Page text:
More Murder Charges for Women in Louisiana Abortion Bill | National/World News
NEW ORLEANS (AP) — The sponsor of a bill that would have subjected Louisiana women to murder charges for having abortions abruptly withdrew the proposal from debate Thursday night after House members voted 65 to 26 to completely overhaul the legislation, eliminating criminal penalties.
The controversial bill would have gone further against abortion than the efforts of lawmakers in any other state. This would have made women who terminate their pregnancies liable to criminal prosecution for homicide.
“It’s a tricky political question, but we all know it’s actually very simple. Abortion is murder,” proclaimed McCormick, a Republican from Oil City, opening the debate. He noted that a majority of Louisiana lawmakers in the heavily Republican legislature say they are anti-abortion, and briefly chided abortion opponents who also oppose his bill. “We hesitate and try to explain it.”
But McCormick’s measure had drawn growing opposition from many anti-abortion stalwarts. Gov. John Bel Edwards, an anti-abortion Democrat, said he would veto it. Louisiana Right to Life, the Louisiana Conference of Catholic Bishops, and the National Right to Life Committee were among the major anti-abortion opponents of the measure.
Edwards, a devout Catholic, said it was “absurd” to prosecute women for abortions.
McCormick disagreed equally strongly, saying a woman who has an abortion should be in the same legal position as a woman who takes the life of a child after birth. “When I give equal protection to the unborn child, that is the possibility,” he said in a telephone interview Wednesday evening.
Proponents of the bill were adamant. Dozens of them gathered at the Capitol to pray and show their support. As the group watched from the balcony of the house as the bill was removed, one of them shouted “Shame.”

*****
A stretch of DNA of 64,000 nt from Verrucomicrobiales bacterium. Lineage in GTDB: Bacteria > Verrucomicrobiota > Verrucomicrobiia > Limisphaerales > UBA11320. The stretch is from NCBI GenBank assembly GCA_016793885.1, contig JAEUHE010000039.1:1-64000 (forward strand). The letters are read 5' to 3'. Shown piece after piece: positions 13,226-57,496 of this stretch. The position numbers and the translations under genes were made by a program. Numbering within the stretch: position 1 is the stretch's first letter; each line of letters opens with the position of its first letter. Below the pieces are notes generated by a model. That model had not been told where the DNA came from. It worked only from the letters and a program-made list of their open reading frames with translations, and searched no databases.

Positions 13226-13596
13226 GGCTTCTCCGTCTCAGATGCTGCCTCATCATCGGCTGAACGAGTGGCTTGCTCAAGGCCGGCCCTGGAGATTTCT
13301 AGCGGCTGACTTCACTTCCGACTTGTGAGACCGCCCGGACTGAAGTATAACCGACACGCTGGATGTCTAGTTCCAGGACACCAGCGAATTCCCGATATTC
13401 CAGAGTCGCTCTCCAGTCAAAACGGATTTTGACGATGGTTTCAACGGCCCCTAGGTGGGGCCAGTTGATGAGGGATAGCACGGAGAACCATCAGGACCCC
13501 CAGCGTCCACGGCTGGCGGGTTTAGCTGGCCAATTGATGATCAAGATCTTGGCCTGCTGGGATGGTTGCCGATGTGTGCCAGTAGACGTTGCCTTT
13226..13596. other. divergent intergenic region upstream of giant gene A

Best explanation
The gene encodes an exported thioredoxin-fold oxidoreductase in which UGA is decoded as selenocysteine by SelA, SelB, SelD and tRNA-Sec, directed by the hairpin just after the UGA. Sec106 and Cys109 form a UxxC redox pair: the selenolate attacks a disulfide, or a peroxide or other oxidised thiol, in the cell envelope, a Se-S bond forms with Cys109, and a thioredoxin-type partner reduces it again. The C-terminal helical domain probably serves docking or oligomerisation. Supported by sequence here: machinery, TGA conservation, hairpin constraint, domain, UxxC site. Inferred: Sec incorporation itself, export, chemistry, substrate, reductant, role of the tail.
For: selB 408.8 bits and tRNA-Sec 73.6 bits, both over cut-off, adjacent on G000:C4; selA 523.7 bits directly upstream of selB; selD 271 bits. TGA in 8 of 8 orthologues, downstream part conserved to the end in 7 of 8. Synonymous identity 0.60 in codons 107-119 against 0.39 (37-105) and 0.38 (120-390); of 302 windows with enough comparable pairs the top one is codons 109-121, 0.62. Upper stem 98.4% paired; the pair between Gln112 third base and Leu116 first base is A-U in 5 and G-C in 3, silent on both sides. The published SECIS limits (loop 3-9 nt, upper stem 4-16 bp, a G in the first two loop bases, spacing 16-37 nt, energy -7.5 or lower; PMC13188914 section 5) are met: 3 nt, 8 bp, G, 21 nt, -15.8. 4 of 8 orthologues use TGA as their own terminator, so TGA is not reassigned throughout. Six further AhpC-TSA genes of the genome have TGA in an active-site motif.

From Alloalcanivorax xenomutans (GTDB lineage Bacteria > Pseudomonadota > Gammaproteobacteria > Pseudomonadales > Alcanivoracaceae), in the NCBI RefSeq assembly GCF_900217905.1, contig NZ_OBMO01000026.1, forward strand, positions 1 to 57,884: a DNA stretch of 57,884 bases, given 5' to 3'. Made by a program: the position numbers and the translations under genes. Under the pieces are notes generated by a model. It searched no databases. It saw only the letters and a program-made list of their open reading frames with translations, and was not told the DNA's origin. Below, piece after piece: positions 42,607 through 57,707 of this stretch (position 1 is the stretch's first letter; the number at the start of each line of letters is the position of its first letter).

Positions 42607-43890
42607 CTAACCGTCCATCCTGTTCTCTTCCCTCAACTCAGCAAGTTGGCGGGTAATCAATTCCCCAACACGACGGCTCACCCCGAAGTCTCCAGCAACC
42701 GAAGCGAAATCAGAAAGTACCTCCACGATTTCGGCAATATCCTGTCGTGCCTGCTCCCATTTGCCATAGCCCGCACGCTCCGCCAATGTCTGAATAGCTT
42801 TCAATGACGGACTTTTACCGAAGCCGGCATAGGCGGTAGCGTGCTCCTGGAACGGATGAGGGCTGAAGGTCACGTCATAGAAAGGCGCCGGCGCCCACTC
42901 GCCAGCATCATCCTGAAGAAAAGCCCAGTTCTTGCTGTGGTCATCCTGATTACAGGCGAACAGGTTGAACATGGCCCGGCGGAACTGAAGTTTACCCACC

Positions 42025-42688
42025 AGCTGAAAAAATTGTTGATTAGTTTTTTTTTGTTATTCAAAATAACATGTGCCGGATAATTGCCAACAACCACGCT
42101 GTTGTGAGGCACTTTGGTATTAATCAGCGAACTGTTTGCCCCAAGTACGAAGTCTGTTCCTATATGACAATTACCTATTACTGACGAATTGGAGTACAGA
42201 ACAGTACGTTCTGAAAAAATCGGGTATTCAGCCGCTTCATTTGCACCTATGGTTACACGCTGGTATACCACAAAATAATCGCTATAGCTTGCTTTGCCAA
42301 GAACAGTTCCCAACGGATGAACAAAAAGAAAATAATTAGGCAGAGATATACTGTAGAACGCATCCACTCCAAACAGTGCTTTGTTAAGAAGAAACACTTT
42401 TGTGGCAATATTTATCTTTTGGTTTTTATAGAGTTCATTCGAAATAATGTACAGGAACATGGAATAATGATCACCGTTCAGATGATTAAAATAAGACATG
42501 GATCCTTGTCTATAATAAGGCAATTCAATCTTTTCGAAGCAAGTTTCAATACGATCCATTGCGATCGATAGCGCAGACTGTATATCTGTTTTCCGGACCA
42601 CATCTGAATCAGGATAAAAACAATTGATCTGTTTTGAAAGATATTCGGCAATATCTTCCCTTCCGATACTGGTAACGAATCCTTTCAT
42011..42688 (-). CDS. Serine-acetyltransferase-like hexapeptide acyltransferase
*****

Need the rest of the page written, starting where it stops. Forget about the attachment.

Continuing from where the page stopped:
The House had yet to begin debating the controversial legislation when the building was temporarily evacuated Thursday after the president interrupted proceedings and said an unknown, unclaimed package had been found in the Capitol’s Memorial Hall. – a gathering area between the Chamber and the chambers of the Senate.
It came on a day when legislation was already moving slowly as lawmakers tried to find a compromise on McCormick’s bill. The House sat for more than an hour as lawmakers broke into groups behind closed doors to discuss the legislation.
Pending at the time was Rep. Alan Seabaugh’s amendment. The Shreveport Republican is a staunch anti-abortionist. But his amendment revised McCormick’s bill, declaring that women would not face criminal penalties for abortion. It also authorized abortion to save the life of a pregnant woman. And he eliminated language from McCormick’s original bill that seemed to make contraceptive drugs and at least some aspects of in vitro fertilization illegal.
The amendment also removed language from McCormick’s bill widely seen as patently unconstitutional — a statement that any federal law, regulation, or court order authorizing abortion is void and that any judge who blocks enforcement of the provisions of the bill could be impeached.
“We cannot grant ourselves the power to order a court to declare future acts unconstitutional,” Seabaugh argued.
The amendment reflects a pending Senate bill to strengthen Louisiana abortion laws that would go into effect if Roe v. Wade was canceled. McCormick, as sponsor, is unlikely to advance it to the House, but the Senate version may still advance.
McCormick’s bill, introduced in March, had come under scrutiny in light of the leak last week of a draft opinion from the United States Supreme Court stating that the High Court was preparing to overturn decisions confirming a constitutional right to abortion.
There is no indication yet that lawmakers in other states are passing similar legislation. In Idaho, Republican state Rep. Heather Scott has offered to prosecute women who have abortions, but a committee chairman said Friday he would not allow it. “There are still reasonable people in the Legislature who are going to make sure extreme bills like this don’t get heard,” Rep. Brent Crane said.
Louisiana already has laws in place criminalizing abortion, including a ‘trigger law’ guaranteeing it will be a crime if the Supreme Court overturns Roe v Wade, the 1973 decision establishing the right to abortion . The statutes appear to exempt women from prosecution, although some abortion rights advocates have suggested they need to be tightened.
McCormick said existing laws are insufficient to give fetuses equal protection under the law.
Associated Press writer Holly Ramer contributed to this report from Concord, New Hampshire.
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